At Le Mans 1962, the 330 TRI/LM’s competition came from the other Scuderia Ferrari entries, a trio of 4-litre Maserati Tipo 151 coupés and several Aston Martins, but in effect there was no competition. In practice, the 330 TRI/LM was a full 31/2 seconds faster than anything else, that being the 330 GTO/LM. The 330 TRI/LM’s success was expressed by Phil Hill in the Road & Track salon article:



“Although the 330 was something of a brute in concept, it was not a brutish car to drive. It was also a damn fast car and with it I was able to break Mike Hawthorn’s Le Mans lap record…. The independent two A-arm suspension front and rear made this a very decent-handling, well balanced car. The 330 [TRI/LM] suffered none of the earlier aerodynamic problems of some Ferraris, which caused them to lift so badly we lost much of the steering control at very high speeds. And it didn’t exhibit that schizophrenic nature of other Ferraris, when they would be nice on the tight, slow parts of the track and yet get nasty on the fast parts, like the section before the old White House turn. Without these strange nose or tail liftings the 330 was a nice, almost pleasant car to drive.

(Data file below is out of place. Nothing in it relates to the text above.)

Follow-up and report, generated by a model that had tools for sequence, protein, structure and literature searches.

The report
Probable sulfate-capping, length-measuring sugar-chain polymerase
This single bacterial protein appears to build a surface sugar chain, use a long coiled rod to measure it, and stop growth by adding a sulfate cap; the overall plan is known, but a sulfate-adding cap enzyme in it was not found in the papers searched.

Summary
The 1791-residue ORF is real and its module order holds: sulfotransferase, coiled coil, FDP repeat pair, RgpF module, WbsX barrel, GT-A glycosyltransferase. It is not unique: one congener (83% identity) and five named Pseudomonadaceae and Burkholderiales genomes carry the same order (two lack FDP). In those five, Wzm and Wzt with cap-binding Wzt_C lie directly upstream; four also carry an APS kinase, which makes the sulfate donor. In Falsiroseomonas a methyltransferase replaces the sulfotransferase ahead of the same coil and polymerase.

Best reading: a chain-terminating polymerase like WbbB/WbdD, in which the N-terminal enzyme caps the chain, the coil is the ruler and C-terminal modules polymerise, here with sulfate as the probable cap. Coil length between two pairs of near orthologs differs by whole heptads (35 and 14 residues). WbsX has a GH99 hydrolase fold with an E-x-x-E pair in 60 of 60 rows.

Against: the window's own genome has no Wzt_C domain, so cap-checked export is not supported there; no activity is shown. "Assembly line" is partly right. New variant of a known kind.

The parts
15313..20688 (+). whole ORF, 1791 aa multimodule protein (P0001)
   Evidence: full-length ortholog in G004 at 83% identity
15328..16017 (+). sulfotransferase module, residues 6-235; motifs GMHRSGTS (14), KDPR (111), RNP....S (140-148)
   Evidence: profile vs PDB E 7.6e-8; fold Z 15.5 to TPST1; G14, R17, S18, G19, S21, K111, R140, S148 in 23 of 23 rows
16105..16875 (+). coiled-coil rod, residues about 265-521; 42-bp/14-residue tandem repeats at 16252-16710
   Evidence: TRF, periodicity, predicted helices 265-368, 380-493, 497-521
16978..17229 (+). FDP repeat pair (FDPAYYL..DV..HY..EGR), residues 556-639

“We did have one major problem. Right from the first practice session the clutch would slip when we really got on the engine near the point of greatest torque. As we’d accelerate away from White House, holding the power at that critical rpm while turning the car (which was adding to the load on the engine), the slippage began. We knew the only answer was to treat the car as gently as possible and that the moment the revs would start to mount out of proportion to the degree that the car was accelerating, we would have to sense it and shift. That oftentimes meant we were a gear higher than we cared to be at certain places on the track, but we could live with that. The unspoken thought between us, however, was that the car just couldn’t last.”